Tuesday, January 22, 2013

British torture goes to court

Between 2003 and 2008, British forces in Iraq tortured hundreds of prisoners. Now, their victims are taking them to court:

Britain will face fresh charges of breaching international law over the alleged torture and killing of prisoners during the war in Iraq, which began almost exactly 10 years ago. The allegations will be unveiled in the high court, when Britain will stand accused of a "systemic" policy of abuse committed over five years, from 2003 to 2008.

At a hearing scheduled over three days from 29 January, lawyers for 180 Iraqis who claim they are victims of abuse, or that their family members were unlawfully killed, will place a file of statements before two judges presiding over the court in London accusing British soldiers and intelligence officers of unlawful interrogation practices. These include hooding and the use of "stress positions", sexual abuse, beating and religious abuse of illegally detained prisoners. In some cases, the testimonies allege, the torture led to the death of the prisoner.


Shiner's files are deeply shocking. Insults to Islam and sexual depravity feature frequently in the statements: a soldier is alleged to have masturbated over a prisoner, another to have committed sodomy with his finger; female interrogators are claimed to have stripped and feigned seduction in exchange for "information".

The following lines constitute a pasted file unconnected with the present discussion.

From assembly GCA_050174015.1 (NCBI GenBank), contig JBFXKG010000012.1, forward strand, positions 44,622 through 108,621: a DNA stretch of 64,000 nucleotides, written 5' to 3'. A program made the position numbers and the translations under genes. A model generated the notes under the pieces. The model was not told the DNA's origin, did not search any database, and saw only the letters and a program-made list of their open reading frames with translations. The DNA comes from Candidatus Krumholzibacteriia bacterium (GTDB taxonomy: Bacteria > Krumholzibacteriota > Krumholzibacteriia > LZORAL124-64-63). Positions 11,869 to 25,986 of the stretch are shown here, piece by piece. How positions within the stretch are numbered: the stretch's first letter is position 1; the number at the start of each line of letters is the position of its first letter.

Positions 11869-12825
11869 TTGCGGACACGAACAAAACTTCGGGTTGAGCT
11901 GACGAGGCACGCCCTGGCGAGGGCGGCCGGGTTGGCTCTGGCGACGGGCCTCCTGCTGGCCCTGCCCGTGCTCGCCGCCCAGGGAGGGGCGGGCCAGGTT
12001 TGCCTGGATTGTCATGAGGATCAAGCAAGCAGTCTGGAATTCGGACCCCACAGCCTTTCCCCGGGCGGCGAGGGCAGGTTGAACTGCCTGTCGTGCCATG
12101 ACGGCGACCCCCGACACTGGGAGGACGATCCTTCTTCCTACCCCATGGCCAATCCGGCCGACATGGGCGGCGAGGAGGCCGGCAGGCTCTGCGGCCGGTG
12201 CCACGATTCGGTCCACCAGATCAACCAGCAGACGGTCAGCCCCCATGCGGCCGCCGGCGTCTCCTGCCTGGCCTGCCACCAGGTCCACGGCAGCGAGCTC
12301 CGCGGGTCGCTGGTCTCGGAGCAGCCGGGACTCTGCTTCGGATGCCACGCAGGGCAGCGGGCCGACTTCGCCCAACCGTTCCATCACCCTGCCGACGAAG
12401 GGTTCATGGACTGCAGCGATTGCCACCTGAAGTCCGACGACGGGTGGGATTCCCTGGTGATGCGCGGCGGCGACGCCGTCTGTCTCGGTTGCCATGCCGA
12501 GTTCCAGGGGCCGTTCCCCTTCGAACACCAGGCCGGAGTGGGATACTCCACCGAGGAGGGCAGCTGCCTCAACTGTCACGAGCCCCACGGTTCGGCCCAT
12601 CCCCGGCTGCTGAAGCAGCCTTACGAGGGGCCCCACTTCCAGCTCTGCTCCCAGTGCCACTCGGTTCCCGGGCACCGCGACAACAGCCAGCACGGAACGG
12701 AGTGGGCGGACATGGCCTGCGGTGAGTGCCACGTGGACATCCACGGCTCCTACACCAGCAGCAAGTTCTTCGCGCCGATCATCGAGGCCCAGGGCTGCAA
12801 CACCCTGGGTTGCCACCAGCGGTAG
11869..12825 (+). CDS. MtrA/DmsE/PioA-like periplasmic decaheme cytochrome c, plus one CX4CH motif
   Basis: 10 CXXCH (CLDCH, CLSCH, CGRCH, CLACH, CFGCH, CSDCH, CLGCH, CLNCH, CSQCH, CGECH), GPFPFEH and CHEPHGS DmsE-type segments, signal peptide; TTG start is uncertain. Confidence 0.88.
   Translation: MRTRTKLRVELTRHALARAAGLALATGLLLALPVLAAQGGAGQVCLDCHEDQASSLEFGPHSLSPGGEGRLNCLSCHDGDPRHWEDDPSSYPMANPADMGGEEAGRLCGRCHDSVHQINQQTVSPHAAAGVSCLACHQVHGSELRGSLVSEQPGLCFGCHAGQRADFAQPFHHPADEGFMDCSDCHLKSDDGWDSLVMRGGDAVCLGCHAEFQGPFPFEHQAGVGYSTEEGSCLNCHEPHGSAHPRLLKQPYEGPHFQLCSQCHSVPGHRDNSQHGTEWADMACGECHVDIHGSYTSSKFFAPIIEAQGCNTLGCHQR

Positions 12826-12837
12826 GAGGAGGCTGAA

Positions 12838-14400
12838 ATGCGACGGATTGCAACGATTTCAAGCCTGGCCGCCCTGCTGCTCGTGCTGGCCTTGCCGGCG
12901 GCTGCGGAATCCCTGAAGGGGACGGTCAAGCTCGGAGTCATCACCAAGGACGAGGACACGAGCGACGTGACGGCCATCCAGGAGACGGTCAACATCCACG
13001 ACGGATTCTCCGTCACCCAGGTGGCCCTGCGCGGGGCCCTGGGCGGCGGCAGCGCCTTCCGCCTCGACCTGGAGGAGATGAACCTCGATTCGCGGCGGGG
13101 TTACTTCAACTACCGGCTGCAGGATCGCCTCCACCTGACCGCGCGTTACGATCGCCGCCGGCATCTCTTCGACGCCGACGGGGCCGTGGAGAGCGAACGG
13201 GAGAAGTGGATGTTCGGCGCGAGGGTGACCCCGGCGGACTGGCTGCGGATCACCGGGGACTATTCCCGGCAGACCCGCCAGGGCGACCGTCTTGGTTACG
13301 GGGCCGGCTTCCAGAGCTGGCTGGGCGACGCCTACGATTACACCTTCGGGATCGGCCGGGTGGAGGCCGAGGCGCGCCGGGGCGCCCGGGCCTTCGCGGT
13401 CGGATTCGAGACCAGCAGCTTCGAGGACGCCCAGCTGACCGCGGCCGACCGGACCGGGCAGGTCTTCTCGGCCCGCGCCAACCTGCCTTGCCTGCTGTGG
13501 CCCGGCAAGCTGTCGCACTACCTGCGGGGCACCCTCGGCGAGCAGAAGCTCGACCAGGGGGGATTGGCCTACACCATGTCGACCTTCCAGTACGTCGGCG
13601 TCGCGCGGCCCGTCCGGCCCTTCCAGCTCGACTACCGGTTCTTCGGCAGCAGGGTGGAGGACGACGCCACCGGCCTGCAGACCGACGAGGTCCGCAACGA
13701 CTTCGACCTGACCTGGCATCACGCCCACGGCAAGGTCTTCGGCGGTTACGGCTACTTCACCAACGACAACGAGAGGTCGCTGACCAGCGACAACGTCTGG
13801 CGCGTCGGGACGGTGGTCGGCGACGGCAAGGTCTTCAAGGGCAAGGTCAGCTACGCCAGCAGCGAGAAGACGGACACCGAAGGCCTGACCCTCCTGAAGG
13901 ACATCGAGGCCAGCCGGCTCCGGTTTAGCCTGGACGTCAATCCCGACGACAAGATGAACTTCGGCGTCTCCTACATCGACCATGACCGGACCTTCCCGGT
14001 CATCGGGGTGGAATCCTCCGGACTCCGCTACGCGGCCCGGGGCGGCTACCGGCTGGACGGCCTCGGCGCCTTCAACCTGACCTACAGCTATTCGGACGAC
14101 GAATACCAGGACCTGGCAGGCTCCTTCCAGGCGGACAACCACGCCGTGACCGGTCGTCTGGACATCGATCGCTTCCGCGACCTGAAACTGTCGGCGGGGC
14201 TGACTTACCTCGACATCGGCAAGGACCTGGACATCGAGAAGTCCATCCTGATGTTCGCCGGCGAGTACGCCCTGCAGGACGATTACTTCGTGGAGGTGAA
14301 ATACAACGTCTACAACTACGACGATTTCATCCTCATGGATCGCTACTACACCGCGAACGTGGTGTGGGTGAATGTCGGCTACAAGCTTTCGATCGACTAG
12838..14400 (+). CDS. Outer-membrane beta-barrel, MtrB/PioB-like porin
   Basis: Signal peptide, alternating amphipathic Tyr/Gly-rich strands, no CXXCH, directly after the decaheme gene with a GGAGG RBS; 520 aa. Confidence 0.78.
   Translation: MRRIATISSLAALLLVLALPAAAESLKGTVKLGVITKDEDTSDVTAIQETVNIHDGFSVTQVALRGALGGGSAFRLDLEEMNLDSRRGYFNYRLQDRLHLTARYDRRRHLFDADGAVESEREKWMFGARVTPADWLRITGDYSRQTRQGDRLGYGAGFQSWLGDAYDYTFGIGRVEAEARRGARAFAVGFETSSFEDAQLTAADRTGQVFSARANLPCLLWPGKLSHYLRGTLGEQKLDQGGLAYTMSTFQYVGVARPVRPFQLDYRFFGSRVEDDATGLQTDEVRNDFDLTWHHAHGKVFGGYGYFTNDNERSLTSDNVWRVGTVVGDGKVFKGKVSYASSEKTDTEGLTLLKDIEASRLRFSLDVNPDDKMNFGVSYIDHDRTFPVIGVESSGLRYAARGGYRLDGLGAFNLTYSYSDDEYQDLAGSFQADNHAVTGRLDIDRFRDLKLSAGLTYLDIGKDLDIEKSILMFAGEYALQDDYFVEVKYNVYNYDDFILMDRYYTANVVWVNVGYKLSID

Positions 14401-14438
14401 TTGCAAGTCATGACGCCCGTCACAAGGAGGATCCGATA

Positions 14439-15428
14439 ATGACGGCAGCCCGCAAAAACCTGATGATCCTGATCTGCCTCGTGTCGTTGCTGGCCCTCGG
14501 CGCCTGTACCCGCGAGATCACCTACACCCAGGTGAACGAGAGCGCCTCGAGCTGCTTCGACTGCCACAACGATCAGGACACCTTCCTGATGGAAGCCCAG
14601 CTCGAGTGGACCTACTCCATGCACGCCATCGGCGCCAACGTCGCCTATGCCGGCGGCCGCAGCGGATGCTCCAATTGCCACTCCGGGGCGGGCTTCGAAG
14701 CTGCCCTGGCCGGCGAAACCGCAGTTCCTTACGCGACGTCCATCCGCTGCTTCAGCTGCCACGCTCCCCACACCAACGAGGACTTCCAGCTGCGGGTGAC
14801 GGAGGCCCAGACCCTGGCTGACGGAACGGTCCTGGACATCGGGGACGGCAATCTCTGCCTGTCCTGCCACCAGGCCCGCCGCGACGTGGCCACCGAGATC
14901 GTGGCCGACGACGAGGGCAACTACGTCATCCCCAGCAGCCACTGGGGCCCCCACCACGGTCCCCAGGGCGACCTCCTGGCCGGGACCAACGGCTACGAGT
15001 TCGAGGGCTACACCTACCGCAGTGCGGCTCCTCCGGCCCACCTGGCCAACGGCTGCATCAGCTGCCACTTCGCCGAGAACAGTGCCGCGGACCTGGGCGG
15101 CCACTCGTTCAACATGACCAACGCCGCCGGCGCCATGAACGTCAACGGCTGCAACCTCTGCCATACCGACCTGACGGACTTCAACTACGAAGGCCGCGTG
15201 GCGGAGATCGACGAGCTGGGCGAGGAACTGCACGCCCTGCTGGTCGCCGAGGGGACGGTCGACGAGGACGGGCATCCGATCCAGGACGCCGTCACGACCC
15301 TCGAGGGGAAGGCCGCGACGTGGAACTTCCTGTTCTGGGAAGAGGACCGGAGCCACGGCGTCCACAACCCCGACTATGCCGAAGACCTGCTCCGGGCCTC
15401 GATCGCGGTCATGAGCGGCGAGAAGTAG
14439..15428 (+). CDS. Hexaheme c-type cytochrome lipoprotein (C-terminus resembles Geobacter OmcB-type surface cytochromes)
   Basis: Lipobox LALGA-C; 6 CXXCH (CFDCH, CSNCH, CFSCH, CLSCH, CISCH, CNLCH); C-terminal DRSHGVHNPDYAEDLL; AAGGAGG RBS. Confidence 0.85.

Most of the alleged incidents took place while prisoners were in custody, though some occurred during "strike operations" on people's homes, with suspects and their families allegedly subjected to abuse and crude violence. Prisoners who died in custody were invariably said to have done so due to "natural causes", despite beatings and kickings.

Rather than being isolated actions, the result of a few "bad apples", this abuse was the result of deliberate policy. And they have the training manuals and policy documents to prove it. Seeing it all exposed in court will be deeply embarrassing to the British government (which is why they want to institute secret courts and secret evidence for such cases in the future), and that will be worth it. More importantly, it will result in the truth about this ugly phase of history being told. But at the same time, despite all of these well-documented abuses, there has been a remarkable lack of justice. The perpetrators, the torturers and rapists and murderers, and the people who wrote the policies encouraging that torture, rape and murder, and the people who covered up for them, have not been held to account for their crimes. They have not been prosecuted. And they need to be. And needless to say, it all needs to be done in open court, so that justice can be seen to be done.